Anti-choice activists and their congressional and White House allies are attempting to persuade the Trump administration to restrict federal funds through the Title X National Family Planning Programs from going to health-care providers like Planned Parenthood by reinstating the so-called domestic gag rule.
White House Counselor Kellyanne Conway last week lobbied President Trump to redirect that funding—which helps those with low incomes access family planning and related preventive health care—to federally qualified health centers (FQHCs), according to sources who spoke with Axios.
Conway reportedly supported her argument by showing Trump maps depicting the number of FQHCs and the number of Planned Parenthood clinics, including a map of Maine from the anti-choice Charlotte Lozier Institute. Maine has 172 health centers and just four Planned Parenthood clinics.
According to a 2017 analysis from the Guttmacher Institute, “it is unrealistic to expect [FQHC] sites to serve the millions of women who currently rely on Planned Parenthood health centers for high-quality contraceptive care.” Some FQHCs refuse to provide the full range of contraceptive options, citing religious views, as Rewire.News reported last year.
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U.S. Sen. Susan Collins (R) has said that “other family planning clinics in Maine, including community health centers, would see a 63 percent increase in their patient load. Some patients would need to drive greater distances to receive care, while others would have to wait longer for an appointment.”
Anti-choice lawmakers in the U.S. House of Representatives and the Senate—including Democratic Rep. Dan Lipinski (IL)—sent a letter on April 30 to Health and Human Services (HHS) Secretary Alex Azar, asking him to issue regulations restricting Title X funds. Both letters encourage HHS to reinstate a Reagan-era prohibition (later rescinded by President Clinton in 1993 in a memorandum and formally in a 2000 rule) on abortion referrals.
That policy is commonly referred to as the “domestic gag rule.” It banned “nondirective counseling on all pregnancy options and referral to abortion providers” by Title X providers, “required physical and financial separation of abortion related activities from Title X project activities,” and “prohibited Title X projects from engaging in activities that encourage, promote, or advocate abortion.”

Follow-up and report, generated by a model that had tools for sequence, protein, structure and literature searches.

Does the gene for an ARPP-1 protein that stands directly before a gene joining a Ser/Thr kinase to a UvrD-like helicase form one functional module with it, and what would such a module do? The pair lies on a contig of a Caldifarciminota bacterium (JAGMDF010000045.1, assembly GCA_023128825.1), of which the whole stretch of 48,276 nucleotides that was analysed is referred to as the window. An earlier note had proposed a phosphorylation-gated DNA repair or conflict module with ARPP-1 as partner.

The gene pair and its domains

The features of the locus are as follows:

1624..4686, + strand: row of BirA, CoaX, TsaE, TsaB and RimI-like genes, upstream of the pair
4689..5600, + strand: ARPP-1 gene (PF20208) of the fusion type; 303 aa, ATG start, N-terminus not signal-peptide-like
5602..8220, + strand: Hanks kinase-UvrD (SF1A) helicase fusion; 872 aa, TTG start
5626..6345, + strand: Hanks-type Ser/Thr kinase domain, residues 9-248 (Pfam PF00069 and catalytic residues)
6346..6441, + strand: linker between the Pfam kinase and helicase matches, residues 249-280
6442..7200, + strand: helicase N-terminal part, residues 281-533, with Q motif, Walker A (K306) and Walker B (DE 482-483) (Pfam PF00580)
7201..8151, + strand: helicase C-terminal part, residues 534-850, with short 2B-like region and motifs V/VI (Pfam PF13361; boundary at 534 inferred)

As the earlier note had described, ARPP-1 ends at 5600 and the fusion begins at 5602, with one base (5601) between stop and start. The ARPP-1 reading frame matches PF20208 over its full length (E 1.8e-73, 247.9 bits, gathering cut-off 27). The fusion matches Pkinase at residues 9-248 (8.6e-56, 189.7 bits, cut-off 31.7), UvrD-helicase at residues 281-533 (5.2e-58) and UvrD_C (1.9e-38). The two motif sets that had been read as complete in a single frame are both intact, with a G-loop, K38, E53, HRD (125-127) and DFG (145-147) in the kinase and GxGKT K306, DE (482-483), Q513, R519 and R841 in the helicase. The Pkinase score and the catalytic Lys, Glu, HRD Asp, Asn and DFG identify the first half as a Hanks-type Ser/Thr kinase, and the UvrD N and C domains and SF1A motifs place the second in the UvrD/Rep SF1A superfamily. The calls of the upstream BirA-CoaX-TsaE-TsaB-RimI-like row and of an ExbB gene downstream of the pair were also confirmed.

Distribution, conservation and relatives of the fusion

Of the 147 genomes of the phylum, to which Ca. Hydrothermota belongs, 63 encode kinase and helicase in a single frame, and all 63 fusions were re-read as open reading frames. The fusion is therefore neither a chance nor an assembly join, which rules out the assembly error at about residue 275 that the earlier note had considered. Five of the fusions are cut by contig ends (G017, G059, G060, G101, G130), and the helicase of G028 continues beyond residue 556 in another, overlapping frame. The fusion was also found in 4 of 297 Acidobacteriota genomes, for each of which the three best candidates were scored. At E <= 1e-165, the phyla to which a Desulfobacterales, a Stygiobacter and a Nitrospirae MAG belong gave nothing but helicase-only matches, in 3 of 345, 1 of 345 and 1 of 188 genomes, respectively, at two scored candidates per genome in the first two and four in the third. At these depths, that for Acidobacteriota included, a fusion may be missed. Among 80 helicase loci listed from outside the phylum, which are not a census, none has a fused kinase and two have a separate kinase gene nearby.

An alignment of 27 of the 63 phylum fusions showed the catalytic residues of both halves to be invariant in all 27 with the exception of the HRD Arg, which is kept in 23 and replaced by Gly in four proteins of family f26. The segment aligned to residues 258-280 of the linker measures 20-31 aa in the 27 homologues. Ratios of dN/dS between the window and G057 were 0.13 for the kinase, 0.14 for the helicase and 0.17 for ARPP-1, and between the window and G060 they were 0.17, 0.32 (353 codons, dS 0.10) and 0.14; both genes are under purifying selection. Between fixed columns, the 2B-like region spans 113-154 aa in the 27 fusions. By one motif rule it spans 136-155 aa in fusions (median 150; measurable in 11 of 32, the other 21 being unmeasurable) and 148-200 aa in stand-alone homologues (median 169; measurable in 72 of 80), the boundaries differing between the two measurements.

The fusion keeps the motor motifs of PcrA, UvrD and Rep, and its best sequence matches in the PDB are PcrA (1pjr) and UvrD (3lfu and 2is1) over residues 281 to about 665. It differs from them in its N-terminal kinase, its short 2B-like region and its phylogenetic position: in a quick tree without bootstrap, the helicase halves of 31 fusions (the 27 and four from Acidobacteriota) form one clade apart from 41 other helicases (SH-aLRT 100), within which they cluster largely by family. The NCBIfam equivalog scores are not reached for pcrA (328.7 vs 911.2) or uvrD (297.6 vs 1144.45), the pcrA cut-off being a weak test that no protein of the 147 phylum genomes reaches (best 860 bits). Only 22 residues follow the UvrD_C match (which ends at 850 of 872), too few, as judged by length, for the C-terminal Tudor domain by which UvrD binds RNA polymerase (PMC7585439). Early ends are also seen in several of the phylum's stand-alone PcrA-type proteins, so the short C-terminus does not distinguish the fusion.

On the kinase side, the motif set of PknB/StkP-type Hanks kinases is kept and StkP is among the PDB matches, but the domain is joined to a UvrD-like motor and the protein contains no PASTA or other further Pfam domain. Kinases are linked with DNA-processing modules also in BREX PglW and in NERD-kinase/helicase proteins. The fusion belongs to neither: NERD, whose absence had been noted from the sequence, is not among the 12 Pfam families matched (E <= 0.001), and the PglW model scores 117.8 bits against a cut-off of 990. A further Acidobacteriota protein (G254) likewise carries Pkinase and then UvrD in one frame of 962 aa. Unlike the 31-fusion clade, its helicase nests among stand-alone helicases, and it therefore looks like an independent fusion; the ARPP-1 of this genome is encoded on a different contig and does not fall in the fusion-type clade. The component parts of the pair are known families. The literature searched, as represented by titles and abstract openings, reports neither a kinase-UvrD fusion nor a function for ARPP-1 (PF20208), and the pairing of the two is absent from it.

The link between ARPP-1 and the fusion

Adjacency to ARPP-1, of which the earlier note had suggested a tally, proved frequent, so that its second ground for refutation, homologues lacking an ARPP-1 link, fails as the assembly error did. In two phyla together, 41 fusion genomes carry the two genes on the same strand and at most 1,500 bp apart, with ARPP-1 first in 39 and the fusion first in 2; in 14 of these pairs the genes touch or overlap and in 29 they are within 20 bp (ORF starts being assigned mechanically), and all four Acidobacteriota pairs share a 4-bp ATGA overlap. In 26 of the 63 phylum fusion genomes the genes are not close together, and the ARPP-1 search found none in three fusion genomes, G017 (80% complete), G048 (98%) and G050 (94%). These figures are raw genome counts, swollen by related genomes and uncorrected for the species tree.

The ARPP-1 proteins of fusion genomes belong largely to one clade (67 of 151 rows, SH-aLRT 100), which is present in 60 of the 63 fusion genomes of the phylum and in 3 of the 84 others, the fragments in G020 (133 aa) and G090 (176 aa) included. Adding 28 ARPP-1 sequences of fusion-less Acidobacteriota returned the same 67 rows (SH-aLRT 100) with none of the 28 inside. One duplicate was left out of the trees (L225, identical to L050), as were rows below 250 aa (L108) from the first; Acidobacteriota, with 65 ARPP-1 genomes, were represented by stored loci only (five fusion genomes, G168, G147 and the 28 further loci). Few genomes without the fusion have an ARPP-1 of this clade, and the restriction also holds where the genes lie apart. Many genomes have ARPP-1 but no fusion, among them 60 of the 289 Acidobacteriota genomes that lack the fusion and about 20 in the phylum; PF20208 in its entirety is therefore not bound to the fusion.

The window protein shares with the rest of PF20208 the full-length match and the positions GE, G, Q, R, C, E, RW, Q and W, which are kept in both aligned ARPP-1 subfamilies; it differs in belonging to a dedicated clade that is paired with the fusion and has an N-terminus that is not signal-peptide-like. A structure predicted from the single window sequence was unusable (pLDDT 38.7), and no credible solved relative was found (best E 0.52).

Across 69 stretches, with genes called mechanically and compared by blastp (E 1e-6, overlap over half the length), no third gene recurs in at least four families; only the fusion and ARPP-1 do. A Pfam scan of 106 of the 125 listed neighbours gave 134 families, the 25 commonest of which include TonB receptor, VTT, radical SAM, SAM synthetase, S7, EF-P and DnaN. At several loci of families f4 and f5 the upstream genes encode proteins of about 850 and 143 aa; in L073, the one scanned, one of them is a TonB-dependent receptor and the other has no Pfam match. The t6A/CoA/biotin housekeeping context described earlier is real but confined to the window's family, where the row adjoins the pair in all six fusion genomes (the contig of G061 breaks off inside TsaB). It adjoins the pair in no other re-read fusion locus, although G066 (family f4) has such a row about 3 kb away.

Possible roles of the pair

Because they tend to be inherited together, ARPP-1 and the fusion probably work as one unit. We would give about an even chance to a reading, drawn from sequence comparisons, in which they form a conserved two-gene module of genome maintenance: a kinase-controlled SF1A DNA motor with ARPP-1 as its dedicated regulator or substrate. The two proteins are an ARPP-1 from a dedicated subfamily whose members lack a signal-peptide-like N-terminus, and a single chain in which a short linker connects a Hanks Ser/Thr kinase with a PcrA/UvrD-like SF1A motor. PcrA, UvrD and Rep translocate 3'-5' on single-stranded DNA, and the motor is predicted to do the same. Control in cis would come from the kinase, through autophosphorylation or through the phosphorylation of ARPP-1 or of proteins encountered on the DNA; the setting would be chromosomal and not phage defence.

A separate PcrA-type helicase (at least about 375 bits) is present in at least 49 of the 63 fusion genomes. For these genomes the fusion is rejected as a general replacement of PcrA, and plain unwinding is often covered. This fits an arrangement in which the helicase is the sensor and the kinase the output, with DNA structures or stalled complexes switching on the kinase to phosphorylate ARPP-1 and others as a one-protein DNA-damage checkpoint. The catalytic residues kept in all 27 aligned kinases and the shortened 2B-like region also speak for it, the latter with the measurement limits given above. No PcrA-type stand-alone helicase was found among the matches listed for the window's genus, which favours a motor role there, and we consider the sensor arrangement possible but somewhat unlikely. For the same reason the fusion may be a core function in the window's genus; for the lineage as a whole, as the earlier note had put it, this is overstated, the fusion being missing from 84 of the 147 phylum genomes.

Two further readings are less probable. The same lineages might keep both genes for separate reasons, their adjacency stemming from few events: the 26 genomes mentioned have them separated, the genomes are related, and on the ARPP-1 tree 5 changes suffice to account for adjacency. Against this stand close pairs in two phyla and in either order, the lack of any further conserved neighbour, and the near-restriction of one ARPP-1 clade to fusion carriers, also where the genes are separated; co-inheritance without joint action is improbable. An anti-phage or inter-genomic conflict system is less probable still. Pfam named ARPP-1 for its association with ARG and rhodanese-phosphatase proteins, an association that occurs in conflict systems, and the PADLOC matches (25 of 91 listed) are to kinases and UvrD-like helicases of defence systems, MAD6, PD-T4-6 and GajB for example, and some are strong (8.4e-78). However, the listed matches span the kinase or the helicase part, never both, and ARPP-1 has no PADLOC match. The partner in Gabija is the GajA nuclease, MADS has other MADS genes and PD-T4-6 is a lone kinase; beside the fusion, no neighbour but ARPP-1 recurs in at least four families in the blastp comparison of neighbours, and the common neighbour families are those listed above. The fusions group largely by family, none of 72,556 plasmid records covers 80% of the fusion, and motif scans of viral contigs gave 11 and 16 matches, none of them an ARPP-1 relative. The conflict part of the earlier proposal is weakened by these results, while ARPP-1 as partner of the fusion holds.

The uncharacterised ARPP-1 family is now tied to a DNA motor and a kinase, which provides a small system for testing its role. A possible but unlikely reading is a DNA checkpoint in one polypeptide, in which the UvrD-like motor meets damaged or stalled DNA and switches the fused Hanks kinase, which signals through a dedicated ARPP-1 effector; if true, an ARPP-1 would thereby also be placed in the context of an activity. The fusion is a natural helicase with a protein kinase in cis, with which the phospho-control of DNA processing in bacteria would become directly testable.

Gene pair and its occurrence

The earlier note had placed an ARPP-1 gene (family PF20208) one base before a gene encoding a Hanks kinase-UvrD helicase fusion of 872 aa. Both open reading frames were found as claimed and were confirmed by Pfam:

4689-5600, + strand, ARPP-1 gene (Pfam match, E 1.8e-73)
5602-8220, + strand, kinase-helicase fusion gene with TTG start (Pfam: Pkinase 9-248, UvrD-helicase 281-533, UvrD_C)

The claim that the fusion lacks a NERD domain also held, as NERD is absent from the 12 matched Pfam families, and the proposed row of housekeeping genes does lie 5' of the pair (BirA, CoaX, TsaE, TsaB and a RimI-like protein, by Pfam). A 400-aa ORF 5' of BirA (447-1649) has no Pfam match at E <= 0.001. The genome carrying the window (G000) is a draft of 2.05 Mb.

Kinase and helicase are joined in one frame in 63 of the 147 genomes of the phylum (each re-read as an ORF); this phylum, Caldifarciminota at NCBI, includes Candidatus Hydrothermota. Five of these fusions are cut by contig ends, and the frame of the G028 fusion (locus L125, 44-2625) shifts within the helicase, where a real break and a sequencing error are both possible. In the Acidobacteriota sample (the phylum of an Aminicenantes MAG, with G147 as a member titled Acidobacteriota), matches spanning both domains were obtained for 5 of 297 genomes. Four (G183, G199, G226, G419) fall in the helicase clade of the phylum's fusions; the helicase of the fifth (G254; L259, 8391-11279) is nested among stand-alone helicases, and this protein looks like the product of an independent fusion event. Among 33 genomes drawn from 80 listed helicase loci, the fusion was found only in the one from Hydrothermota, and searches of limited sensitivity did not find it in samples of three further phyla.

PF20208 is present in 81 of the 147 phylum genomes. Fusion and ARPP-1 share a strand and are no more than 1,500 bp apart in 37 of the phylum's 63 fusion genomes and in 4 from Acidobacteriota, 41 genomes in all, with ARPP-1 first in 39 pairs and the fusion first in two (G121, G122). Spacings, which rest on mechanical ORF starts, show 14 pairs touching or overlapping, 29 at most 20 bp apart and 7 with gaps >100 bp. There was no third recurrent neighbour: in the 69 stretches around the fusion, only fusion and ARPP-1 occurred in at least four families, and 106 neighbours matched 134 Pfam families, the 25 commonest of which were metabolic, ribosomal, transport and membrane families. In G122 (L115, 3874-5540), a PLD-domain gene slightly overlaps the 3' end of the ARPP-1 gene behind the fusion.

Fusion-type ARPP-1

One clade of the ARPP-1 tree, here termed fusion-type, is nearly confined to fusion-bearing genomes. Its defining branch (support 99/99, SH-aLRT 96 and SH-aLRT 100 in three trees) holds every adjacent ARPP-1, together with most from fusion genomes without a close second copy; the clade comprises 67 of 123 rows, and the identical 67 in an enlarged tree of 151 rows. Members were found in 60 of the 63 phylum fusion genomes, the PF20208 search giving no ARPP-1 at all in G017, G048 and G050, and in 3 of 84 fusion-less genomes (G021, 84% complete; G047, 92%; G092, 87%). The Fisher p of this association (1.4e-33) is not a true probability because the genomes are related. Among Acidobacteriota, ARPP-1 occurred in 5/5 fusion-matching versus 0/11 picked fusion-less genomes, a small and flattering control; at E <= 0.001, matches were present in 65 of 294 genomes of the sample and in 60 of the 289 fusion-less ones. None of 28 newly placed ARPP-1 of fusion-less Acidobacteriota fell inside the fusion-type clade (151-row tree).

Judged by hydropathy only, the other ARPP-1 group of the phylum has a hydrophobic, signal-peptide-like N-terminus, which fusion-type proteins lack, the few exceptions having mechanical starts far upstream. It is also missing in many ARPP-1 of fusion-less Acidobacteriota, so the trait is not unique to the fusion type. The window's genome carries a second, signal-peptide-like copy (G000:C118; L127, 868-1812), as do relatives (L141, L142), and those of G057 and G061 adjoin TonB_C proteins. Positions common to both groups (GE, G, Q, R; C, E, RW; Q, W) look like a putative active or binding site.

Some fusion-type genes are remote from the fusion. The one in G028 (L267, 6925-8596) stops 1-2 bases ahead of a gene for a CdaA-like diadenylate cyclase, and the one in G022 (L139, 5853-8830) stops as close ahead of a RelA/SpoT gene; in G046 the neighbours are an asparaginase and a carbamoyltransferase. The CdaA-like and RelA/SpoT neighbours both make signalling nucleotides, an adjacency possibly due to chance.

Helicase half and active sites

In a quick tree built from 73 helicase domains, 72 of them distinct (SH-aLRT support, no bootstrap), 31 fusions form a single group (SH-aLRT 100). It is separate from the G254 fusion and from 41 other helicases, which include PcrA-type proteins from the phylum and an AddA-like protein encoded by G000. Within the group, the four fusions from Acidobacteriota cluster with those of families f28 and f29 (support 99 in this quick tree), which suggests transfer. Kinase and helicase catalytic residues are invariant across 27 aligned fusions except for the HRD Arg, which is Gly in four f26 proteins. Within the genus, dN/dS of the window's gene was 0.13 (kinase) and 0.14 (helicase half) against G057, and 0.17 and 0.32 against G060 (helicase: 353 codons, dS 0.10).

Such a move could defund organizations like Planned Parenthood that offer Title X services in the same building they offer abortion care. Planned Parenthood serves 41 percent of all patients served through the Title X program, though it makes up 13 percent of the program’s centers.
“This proposal is outrageous, and it is dangerous,” Dawn Laguens, executive vice president of Planned Parenthood Federation of America, said in a statement.
“This would prevent millions of people from getting birth control and preventive care at Planned Parenthood health centers, and at the same time would force doctors and nurses to lie to their patients across the country,” Laguens said. “It would prohibit any health care provider from sharing information about, or even mentioning the word abortion if they serve Title X patients. This would have devastating consequences, and essentially dismantle the nation’s program for affordable birth control and reproductive health care, which 4 million people rely on.”
A coalition of 85 anti-choice leaders on Tuesday followed congressional Republicans’ lead, sending a letter similarly urging Azar to “separate the Title X network of family planning providers from abortionists” with new regulations.
The letter’s signatories include representatives from state and national organizations, who, like in Conway’s reported pitch to the president, point out that the move would allow Trump to make good on a campaign promise to defund Planned Parenthood.
The federal Title X program offers family planning services, giving priority to families with low incomes. Title X centers provide services such as breast and cervical cancer screening, and sexually transmitted disease testing.